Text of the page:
On April 28, 1992, a scraggly 24-year-old tramp and adventurer from suburban Virginia named Christopher McCandless walked into the Alaskan wilderness with little more than the bag on his back and was never heard from again. Four months later, his decomposed body was discovered wrapped in a sleeping bag in an abandoned school bus, the unfortunate result of starvation and excessive hubris. These events were brilliantly chronicled in 1996 by Jon Krakauer in his bestselling book Into the Wild
, which spun McCandless’ life of solitude into a tragedy of family bitterness and misplaced longing. Based solely on the testimony of friends, family, and fellow wanderers and the boy’s own scattered journal entries, Krakauer’s book was permeated by a sense of sadness and distance that left readers with the unsettling feeling that the haunted life and solitary death of Christopher McCandless would remain forever unknowable. Unfortunately, an unknowable character makes for a stubborn film protagonist, so Into the Wild
, the movie, was always going to be a tough sell. And though Penn has conjured up a beautifully acted, visually bracing film that captures all the romantic energy and freedom of a life spent outside the bounds of society, somewhere along the way he misplaced that melancholy that made McCandless’ story so devastating. Krakauer’s hero was the mystery at the center of his own narrative – a ghost, a vacuum into which the author poured his own psychological speculations and the impressions of others. Penn’s McCandless (a wiry Hirsch), on the other hand, is a 21st century Hollywood hero, armed with a mouthful of self-help platitudes about following your heart and living life to the fullest but possessing precious little mystery. He travels the American West like a modern-day Odysseus, commiserating with fellow drifters and lost souls (including an excellent Holbrook and a wired Vaughn, doing his patented thousand-words-a-minute routine), taking in vast landscapes, and basking in the company of caribou, all of which Penn shoots with a sympathetic and painterly eye. But the character never really comes alive, and I walked away from Into the Wild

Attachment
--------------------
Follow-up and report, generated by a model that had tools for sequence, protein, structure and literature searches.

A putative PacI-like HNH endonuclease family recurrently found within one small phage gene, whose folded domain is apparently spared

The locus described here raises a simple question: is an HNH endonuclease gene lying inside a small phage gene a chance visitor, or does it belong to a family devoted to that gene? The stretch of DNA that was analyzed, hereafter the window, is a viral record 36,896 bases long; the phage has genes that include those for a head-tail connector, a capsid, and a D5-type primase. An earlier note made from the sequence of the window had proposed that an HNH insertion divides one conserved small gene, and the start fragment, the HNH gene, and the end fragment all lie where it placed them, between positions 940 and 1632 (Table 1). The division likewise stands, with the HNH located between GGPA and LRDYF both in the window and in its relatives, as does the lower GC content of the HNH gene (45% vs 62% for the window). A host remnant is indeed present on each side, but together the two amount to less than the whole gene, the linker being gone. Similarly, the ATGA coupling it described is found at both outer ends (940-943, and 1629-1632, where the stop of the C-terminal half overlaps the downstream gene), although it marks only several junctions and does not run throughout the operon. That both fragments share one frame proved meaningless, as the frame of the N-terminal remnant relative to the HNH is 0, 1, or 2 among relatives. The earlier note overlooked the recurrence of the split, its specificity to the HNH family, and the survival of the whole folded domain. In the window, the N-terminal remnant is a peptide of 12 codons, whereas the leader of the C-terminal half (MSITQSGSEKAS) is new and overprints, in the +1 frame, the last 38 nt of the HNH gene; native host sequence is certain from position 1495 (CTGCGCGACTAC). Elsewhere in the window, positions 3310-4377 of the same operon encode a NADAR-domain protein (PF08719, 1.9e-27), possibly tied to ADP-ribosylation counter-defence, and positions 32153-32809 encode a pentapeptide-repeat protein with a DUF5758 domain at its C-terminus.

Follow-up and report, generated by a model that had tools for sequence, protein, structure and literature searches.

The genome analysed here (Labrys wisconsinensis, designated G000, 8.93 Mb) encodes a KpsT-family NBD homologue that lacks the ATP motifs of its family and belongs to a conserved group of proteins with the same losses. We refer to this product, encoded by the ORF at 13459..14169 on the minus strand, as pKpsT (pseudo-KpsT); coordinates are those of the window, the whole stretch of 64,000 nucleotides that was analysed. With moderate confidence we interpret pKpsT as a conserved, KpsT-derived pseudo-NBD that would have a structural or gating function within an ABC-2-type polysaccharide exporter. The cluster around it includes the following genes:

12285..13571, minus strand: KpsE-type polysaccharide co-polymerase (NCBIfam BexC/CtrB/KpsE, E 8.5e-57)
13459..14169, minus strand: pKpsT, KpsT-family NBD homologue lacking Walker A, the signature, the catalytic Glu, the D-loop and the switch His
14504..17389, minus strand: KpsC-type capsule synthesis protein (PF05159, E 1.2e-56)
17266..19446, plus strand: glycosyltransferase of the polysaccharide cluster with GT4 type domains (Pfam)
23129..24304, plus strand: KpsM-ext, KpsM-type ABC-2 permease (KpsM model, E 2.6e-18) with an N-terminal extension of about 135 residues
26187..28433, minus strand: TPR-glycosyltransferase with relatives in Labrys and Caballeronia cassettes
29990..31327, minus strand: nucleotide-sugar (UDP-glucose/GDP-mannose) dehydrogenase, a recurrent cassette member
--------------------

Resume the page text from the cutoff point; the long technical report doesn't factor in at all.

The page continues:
feeling that Penn was too in love with the idea of Christopher McCandless the free-spirited hero to excavate the soul of Christopher McCandless the lost man. Maybe he was afraid to think there might actually be a black heart at the center of our great Kerouac myth.